Let’s face it: Working in the food-service industry can be hard. It doesn’t pay very well and comes with few perks — a free meal and tips is about it — and it also might mean long hours on your feet, dealing with rude customers and cleaning all those dishes piled high by the sink.
After all this, it might lead to a lot of employee turnover, or it might result in the employees wanting a larger say in the work that they do.
That’s the thinking behind New Moon Cafe, which is now New Moon Cooperative Cafe, the employees of the business deciding to form a collective and become co-owners of the longtime downtown Olympia eatery.
The process of forming the collective began last year and then finally was in place in August, said Jim Duffy, Micheal Snow and Brita Zeiler, three of the 13 members of the collective.
All three have food-service backgrounds, knowing the experience of previous food-service jobs, and all knowing that they wanted something more out of their work.
Once they formed the collective, the work become more meaningful, Zeiler said, adding that she felt more energized about her work, too.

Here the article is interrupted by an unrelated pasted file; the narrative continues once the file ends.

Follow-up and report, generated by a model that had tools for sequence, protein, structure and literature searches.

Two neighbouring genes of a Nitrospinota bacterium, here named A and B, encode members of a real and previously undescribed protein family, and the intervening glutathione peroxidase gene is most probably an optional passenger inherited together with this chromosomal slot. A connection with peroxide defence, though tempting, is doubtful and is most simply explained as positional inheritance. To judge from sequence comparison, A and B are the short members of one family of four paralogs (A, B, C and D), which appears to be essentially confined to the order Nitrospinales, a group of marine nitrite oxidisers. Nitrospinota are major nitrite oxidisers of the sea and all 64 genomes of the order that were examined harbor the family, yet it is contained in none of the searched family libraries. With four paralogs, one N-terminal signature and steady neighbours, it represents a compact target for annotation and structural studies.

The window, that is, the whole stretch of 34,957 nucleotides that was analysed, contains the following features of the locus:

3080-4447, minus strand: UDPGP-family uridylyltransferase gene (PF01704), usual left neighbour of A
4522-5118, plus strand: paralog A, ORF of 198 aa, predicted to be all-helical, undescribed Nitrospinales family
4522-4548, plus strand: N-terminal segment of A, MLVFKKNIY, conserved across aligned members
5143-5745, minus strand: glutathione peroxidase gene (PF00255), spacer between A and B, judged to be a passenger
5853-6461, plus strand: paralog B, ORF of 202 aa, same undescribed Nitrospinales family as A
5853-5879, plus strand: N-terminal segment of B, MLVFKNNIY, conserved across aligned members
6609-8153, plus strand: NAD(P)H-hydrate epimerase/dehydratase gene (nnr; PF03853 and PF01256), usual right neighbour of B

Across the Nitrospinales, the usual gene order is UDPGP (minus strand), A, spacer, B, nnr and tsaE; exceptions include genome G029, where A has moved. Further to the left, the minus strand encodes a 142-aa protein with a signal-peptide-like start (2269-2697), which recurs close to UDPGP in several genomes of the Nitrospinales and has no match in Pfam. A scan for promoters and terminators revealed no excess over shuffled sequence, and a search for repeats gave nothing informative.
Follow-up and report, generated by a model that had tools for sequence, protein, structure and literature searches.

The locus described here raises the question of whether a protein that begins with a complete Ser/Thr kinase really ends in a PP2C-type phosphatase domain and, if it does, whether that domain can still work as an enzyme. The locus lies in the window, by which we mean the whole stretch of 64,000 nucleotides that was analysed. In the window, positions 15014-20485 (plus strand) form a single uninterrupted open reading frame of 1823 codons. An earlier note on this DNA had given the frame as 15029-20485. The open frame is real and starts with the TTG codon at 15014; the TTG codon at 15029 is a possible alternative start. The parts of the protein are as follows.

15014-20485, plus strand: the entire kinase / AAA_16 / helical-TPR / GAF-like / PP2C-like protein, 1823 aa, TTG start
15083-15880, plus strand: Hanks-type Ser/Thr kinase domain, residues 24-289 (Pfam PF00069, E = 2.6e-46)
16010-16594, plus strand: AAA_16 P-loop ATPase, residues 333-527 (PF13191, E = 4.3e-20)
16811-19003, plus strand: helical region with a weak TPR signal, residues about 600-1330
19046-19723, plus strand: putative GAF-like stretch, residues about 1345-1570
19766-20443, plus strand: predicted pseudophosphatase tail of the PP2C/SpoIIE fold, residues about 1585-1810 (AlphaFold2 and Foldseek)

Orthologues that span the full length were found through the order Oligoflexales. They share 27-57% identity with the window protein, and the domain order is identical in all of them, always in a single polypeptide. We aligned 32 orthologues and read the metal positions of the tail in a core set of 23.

The members of the collective just don’t do shift work, they also participate on one of four committees: food, marketing, operations and finance. Committee meetings take place once a week, and they also have a general meeting once a week.
When the business has to make a big-picture decision, such as whether to switch to a new vendor, it comes down to a vote among the members of the collective.
And they work entirely by consensus, Duffy said, meaning that a decision only moves forward with a unanimous vote. Although that takes place for such things as voting on a new vendor, they understand the need to delegate for the day-to-day operations of the business, he said.
The collective also is still a work in progress. For now it doesn’t offer health insurance, although they want to offer it, and they also want to share the profits of the business with the owners of the business. In collective terms, they hope to earn a surplus that they can share with the members as patronage, said finance committee member Snow.
One challenge for all restaurants is that they operate on small profit margins, Snow said, and they also have to pay off the $100,000 it cost the collective to buy the business. They put $20,000 down and have $80,000 to go, paying $1,500 a month.
Besides the collective, New Moon still is known for its breakfast and brunch, including the Cali Girl — herbed rice medallions with two eggs, a choice of ham, turkey, bacon or tomatoes, topped with green onions and avocado.
Doug Erickson, 68, of Tumwater recently ate there for the second time, saying New Moon offers “good, homestyle” cooking. He plans to return again.
“It’s an easy place to feel comfortable in,” he said.
The restaurant also recently put on a fundraiser and special dinner — featuring mushroom risotto — for graduates of The Evergreen State College. Funds raised from the dinner were used to benefit Queer Rock Camp.
Rolf Boone: 360-754-5403